Mark: I read an interview with him actually, from last year, where he talks about it. He talks about it in a positive way. I suspect that he still thinks of it as being important. I’ve heard an interview within the last 2 or 3 years with one of the other players other than Karch in the team, and he was absolutely scathing about it and had no positive words to say about either its application time, or the effects, positive or negative, that it had. Yeah, I think we wander into the realms of confirmation bias and personal preference, or personal judgment. It’s one of those things, like so many other things. it’s really difficult to say one way or the other.

John: Yeah, you can’t measure what would have happened if they didn’t go.

Mark: Yes. In that particular instance, between the Outward Bound and the Olympics, wasn’t there a boycott announced? Maybe the boycott had more to do with the ultimate success than the Outward Bound.

John: Exactly. It’s a lot easier when your top competition isn’t even going to be there.

Mark: Well, yes. You could argue that. I’m just making a slightly facetious observation.

John: As you are wont to do.

My observation from the one we did, and there was a ropes element to it but not the high wire sort of thing that you did, but there were things like trust falls and things like that. Somebody ended up getting hurt on a trust fall because the person doing the falling didn’t have enough trust and ended up kicking her in the face or something along those lines. There’s certainly a downside, a potential downside to these sorts of things. To your point about it being a different kind of trust. I totally agree.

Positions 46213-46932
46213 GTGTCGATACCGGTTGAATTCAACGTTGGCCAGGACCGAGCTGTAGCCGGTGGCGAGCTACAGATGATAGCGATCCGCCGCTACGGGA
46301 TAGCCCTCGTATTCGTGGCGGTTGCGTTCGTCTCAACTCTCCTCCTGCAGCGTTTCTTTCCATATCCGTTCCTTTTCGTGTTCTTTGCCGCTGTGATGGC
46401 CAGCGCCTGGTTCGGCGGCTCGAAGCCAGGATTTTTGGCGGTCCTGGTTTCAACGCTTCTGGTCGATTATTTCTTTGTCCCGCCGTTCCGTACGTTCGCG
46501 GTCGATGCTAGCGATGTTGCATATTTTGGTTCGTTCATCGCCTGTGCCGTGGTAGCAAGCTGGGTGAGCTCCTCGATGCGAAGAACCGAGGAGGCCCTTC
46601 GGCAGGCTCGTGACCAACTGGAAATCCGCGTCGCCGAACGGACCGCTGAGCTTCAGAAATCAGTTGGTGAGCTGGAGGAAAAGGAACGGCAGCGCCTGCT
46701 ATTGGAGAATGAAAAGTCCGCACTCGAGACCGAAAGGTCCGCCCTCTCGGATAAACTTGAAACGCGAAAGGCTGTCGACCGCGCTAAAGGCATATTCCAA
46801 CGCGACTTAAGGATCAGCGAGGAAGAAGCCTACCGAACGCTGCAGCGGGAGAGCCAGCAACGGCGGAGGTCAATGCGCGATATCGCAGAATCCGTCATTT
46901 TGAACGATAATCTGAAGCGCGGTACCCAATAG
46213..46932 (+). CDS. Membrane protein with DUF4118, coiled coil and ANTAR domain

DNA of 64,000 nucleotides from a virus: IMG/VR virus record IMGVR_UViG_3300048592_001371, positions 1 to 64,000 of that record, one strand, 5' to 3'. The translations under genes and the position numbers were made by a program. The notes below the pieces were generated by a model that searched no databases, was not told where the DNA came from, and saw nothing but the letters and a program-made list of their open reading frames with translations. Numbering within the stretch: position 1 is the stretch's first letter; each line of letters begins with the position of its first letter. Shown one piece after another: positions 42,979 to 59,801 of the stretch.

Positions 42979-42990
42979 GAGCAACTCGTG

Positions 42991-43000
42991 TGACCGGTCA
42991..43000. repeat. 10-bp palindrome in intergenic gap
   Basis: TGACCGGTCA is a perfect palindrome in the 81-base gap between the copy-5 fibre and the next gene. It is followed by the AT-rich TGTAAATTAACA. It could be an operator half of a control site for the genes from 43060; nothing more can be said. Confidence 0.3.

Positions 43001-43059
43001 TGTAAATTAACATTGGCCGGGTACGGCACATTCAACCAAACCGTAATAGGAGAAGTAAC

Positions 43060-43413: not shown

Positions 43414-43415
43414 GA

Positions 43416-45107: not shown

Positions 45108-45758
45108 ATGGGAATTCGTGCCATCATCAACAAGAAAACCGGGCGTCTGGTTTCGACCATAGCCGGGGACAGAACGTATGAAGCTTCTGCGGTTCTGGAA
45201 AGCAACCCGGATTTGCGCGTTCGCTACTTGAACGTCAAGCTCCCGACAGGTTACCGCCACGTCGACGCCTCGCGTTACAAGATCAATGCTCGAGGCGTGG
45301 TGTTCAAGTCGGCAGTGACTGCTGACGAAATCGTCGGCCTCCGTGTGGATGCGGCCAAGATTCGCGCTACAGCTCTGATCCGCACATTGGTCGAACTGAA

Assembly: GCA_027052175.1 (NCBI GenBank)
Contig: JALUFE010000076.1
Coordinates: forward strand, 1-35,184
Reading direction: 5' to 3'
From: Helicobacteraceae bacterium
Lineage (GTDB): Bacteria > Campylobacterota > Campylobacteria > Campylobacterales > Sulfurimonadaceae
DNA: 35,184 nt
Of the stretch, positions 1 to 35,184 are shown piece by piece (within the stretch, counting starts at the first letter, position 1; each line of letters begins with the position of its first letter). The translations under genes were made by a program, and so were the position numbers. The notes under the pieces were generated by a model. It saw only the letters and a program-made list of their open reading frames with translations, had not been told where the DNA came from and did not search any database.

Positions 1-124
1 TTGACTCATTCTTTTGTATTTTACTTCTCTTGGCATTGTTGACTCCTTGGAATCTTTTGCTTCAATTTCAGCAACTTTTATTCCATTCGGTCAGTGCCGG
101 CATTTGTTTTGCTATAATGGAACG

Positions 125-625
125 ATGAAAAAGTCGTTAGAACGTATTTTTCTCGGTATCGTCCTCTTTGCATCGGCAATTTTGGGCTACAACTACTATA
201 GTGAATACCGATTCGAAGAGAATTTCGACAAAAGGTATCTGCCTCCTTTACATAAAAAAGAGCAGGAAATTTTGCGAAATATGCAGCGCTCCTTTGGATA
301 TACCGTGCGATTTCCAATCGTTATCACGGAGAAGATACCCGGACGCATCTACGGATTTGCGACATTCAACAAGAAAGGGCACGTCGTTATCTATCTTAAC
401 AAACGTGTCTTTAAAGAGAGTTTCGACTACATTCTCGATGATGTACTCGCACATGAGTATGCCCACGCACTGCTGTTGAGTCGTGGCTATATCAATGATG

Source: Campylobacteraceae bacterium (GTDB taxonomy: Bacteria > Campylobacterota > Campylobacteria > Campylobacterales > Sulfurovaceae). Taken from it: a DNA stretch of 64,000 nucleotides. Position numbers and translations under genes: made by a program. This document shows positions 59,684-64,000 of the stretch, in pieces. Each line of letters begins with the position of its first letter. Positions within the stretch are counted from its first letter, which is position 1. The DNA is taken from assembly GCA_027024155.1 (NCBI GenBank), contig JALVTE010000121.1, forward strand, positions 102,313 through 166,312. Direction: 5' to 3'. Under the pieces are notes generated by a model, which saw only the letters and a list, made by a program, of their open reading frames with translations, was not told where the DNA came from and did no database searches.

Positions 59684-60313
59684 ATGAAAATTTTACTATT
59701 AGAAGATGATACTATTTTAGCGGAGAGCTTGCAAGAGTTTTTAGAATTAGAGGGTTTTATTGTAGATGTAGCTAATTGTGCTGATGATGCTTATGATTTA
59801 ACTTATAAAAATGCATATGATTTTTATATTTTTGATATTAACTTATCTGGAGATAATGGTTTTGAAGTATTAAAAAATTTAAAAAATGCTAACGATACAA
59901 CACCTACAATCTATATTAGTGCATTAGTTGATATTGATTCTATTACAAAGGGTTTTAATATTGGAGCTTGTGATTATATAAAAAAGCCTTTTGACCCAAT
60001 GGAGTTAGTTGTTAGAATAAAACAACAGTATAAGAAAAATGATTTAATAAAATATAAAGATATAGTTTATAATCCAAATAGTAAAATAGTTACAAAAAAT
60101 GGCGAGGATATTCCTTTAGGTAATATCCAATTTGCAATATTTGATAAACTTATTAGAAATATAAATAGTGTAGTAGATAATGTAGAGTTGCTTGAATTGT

Mark: Yeah.

John: In order perform as a team on the court when it matters, the trust is in that everybody else is doing their job. You do yours.

Mark: Yes.

John: That can only be developed over time on the court, in training, in other matches, in the competitive environment. The other stuff is great, and it might help improve team chemistry in other ways, but there are definitely questions as to contributing. Like I said at the beginning, I think from my perspective and what I saw on teams, and again this may be a confirmation thing, but it seemed like teams tended to gel during the first away trip where you’re off campus, you’re in hotels, you’re on buses, you’re on planes, whatever the trip takes. The team is together, relatively isolated, where they’re forced to interact, and work with each other, and cooperate much more closely than they would have to do on a day to day basis back at home – on campus, or in a club environment, or whatever the case may be.